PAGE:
4.Aydin K, Sencer S, Minareci O. Thoracocervical dorsal dermal sinus associated with multiple vertebral body anomalies. Neuroradiology 2001;43:1084-6.  Back to cited text no. 4
    
5.In: Greenberg MS, editor: Handbook of Neurosurgery. 3 rd ed., Cornell: Greenberg Graphics Inc.; New York: Thieme; 1994. p. 170-3.  Back to cited text no. 5
    
6.McComb JG. Congenital dermal sinus. In: Wilkins RH, Rengachary SS, editors. Neurosurgery. 2 nd ed., Vol. 3 A. New York: McGraw-Hill; 1996. p. 3561-4  Back to cited text no. 6
    
7.Morandi X, Mercier P, Fournier HD, Brassier G. Dermal sinus and intramedullary spinal cord abscess. Report of two cases and review of the literature. Childs Nerv Syst 1999;15:202-8.  Back to cited text no. 7
    
8.Lunardi P, Missori P, Gagliardi FM, Fortuna A. Long-term results of the surgical treatment of spinal dermoid and epidermoid tumors. Neurosurgery 1989;25:860-4.  Back to cited text no. 8
    
9.Arseni C, Danaila L, Constantinescu N, Carp N. Spinal dermoid tumours. Neurochirurgia 1977;20:108-16.  Back to cited text no. 9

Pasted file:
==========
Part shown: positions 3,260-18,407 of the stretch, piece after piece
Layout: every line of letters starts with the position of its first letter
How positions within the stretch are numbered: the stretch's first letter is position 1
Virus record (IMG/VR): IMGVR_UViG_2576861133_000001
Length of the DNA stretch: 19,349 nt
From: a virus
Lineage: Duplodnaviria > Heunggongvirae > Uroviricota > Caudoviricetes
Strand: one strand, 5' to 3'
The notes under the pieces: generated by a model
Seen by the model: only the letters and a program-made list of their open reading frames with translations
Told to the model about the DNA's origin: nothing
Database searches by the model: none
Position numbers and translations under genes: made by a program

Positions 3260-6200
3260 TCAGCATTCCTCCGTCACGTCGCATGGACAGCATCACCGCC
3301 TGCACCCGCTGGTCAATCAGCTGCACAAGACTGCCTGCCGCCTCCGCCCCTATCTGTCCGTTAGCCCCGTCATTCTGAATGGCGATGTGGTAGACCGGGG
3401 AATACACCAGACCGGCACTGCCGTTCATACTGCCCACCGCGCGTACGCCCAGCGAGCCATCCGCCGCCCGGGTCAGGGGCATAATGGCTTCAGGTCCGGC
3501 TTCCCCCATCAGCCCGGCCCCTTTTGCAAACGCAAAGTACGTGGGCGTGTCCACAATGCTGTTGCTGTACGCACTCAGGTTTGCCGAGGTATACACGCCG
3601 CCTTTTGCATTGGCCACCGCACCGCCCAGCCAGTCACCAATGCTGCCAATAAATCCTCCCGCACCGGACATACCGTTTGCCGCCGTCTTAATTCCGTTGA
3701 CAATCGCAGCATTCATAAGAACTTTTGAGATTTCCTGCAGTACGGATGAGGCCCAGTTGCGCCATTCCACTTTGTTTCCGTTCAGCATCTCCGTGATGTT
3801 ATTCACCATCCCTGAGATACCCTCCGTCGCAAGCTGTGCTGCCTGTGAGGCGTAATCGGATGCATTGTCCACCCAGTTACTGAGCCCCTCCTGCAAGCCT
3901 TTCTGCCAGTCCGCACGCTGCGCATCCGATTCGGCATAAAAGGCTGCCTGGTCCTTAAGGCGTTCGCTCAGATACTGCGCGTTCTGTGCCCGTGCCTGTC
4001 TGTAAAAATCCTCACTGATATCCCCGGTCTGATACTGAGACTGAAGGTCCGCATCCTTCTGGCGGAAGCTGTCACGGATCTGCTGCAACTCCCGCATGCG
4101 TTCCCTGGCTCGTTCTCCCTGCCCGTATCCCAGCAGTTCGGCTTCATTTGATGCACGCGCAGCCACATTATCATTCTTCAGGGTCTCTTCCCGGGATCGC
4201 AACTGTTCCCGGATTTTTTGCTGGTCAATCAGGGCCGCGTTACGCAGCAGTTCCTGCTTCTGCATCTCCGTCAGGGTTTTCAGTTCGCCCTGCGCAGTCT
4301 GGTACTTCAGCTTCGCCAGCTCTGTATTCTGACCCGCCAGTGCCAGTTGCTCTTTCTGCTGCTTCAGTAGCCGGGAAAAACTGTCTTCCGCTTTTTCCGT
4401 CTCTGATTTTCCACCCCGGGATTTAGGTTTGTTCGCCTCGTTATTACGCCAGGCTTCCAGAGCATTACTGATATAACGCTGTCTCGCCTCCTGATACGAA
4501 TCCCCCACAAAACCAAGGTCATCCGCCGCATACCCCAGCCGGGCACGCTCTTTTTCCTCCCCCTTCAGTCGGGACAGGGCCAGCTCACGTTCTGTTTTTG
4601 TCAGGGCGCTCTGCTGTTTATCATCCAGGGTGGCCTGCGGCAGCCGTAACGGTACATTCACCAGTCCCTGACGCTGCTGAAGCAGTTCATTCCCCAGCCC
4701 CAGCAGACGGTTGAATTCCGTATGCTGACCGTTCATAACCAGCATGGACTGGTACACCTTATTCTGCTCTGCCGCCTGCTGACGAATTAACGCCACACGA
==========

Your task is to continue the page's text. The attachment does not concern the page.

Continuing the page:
10.Hattori H, Higuchi Y, Tashiro Y. Dorsal dermal sinus and dermoid cyst in occult spinal dysraphism. J Pediatr 1999;134:793.  Back to cited text no. 10
    
11.Shen WC, Chiou TL, Lin TY. Dermal sinus with dermoid cyst in the upper cervical spine: Case note. Neuroradiology 2000;42:51-3.  Back to cited text no. 11
    
12.Morimoto K, Takemoto O, Nakamura H, Takeuchi M. Spinal Dermal Sinus associated with intramedullary abscess and dermoid. Pediatr Neurosurg 2003;39:225-6.  Back to cited text no. 12
    
13.Alafaci C, Salpietro FM, Grasso G, Collufio D, Caruso G, Morabito A, et al. Lumbosacral congenital dermal sinus presenting in a 52-year-old man. Case report. J Neurosurg Sci 2000;44:238-42.  Back to cited text no. 13
    


    Figures

  [Figure 1], [Figure 2], [Figure 3], [Figure 4]



 

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    Abstract
   Introduction
   Case Report
   Discussion
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    References